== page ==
A new beginning with Shawarma King on the Delmar Loop
The end of Melville Avenue intersecting Delmar Boulevard has been a spot of much recent restaurant turnover—in the last year, Zippy Burger, Moya Grill and 8 Dollar Deli have all come and gone. Still, that hasn’t deterred Muhammad Alsalem, the owner the latest restaurant to occupy the space, Shawarma King. The restaurant, which serves Middle Eastern fare, opened up this past December. Alsalem has worked on the Delmar Loop and in the restaurant business for over eight years and brings his combined industry knowledge to the new concept, hoping to stem the tide of quick closings.
“People look for two things,” Alsalem said. “Quality and price. If you’re serving good quality food, and you have a reasonable price, I don’t see why people wouldn’t come to your restaurant.”
In terms of quality, Alsalem has taken steps to make his store transparent and approachable. The classic Middle Eastern rotisserie-style meat, called shawarma, is prepared fresh every night with house spices. During the day, the meat is visibly displayed right behind the counter and liberally shaved off when a customer orders.
“We make everything from scratch,” Alsalem said. “We don’t buy anything from anyone else. Everything is being made in this place, from hummus, falafel, shawarma and baba ganoush.”
Shawarma King offers a number of hot and cold appetizers, as well as main courses with shawarma and vegetable options ranging from $7 to $11 dollars and cheaper lunch options for certain entrees. The meats, straight off the spit, are never dry, and the falafel is crispy and seasoned, along with the flavorful hummus and baba ganoush.
They also have shawarma and falafel sandwiches, which, to Alsalem’s excitement, can now be accompanied by shredded cheddar cheese (a little unorthodox, but Alsalem said he’s only received positive reviews).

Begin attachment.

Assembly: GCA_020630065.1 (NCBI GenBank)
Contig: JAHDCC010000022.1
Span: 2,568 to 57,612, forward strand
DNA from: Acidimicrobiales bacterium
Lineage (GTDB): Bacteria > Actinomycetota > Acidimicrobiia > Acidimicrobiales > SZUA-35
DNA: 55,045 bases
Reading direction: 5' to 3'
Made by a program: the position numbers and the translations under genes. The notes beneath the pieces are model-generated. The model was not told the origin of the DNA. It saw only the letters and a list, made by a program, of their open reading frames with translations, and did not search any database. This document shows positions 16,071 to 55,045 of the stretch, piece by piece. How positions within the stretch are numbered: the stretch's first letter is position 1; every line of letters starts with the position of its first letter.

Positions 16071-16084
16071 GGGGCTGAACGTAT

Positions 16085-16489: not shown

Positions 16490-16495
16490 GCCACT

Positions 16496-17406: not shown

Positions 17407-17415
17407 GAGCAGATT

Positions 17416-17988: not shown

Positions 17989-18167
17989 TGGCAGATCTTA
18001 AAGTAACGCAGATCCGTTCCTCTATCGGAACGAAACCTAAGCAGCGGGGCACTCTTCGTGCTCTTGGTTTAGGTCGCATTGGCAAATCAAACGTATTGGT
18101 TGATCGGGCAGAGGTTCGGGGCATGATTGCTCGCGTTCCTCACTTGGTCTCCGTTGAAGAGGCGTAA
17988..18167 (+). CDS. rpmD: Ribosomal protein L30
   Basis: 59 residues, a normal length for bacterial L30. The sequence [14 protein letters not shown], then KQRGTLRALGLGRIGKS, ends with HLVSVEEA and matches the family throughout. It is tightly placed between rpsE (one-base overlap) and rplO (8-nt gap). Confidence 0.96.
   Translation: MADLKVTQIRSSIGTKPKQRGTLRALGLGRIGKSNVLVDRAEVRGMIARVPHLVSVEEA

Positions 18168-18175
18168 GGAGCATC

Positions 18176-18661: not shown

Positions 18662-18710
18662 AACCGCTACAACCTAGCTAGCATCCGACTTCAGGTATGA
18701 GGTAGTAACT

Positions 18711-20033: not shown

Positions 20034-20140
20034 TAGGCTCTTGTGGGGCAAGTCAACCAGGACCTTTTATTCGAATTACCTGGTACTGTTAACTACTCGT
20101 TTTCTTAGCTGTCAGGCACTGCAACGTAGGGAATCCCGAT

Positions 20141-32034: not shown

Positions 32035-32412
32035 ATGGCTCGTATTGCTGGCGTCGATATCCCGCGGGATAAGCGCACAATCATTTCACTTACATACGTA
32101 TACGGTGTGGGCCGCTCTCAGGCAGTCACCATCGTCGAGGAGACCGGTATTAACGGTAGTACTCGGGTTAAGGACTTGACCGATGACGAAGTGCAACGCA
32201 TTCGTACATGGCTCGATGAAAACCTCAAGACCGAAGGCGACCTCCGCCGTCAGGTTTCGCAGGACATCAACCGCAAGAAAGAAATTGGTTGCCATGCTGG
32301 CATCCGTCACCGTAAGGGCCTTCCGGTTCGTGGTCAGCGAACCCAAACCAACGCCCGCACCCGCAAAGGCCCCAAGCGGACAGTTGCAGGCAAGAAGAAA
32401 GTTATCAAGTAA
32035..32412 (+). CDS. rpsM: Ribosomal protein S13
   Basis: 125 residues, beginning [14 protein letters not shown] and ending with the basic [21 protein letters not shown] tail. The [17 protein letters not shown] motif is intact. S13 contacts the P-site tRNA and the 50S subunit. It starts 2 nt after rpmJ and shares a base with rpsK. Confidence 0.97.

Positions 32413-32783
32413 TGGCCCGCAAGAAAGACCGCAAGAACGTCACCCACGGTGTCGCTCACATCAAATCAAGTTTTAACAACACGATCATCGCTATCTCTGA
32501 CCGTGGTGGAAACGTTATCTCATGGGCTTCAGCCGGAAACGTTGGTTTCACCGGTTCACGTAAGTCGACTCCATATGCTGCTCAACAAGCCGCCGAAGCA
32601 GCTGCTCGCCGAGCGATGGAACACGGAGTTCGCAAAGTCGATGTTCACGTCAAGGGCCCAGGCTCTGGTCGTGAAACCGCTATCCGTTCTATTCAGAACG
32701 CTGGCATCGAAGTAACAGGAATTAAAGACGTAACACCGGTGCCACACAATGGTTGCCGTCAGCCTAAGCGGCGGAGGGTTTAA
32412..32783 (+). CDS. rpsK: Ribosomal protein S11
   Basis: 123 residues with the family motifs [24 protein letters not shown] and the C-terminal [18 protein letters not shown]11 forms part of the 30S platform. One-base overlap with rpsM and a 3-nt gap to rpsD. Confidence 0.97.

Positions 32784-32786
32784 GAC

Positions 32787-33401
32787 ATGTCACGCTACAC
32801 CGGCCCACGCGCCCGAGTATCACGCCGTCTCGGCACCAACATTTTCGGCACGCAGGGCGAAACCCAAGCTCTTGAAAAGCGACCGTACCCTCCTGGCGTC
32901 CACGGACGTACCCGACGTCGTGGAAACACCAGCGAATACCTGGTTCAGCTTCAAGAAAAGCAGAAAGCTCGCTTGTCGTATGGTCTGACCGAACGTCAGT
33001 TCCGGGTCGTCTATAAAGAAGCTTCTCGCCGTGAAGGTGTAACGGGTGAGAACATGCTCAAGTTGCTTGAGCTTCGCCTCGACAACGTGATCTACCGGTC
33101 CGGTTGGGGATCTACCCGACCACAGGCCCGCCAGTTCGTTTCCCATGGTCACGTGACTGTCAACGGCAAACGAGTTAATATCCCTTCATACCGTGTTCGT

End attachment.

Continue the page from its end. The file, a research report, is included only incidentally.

With thoughts toward the future, Alsalem said he has plans for future expansions of the menu and restaurant atmosphere, as spring and summer approach. Though not divulging everything (“I want to make sure I get it right,” he said), Alsalem does plan to offer juices in the summer to complement available outdoor seating.
“We’ll have at least six or seven juices,” he said, including orange, carrot and lemon and mint flavors. “It’s going to be visible for people. It’s not like we’re going to have it in the back. We’re going to make it right here on the counter.”
Takeout-friendly shawarma places like Alsalem’s often fill city roles as cheap and quality late-night options. To support this clientele, Shawarma King will be extending its daily hours from 11 a.m. to 11 p.m. starting in March. Additionally, they’d like to offer delivery for just a few dollars through the restaurant rather than through a third-party company.
“I want to do the delivery and make sure the customer gets the food fresh,” Alsalem said. “We’re going to be doing about three miles radius. It will take [a] maximum [of] 20 minutes.”
Alsalem suggested that the trolley construction on the Loop hindered businesses on Delmar Blvd. and Melville Ave., and he’s optimistic about the extra business he can attract once the trolley gets running. Anyway, students and other purveyors of the Loop can enjoy Shawarma King as a cheap, hearty and high-quality meal.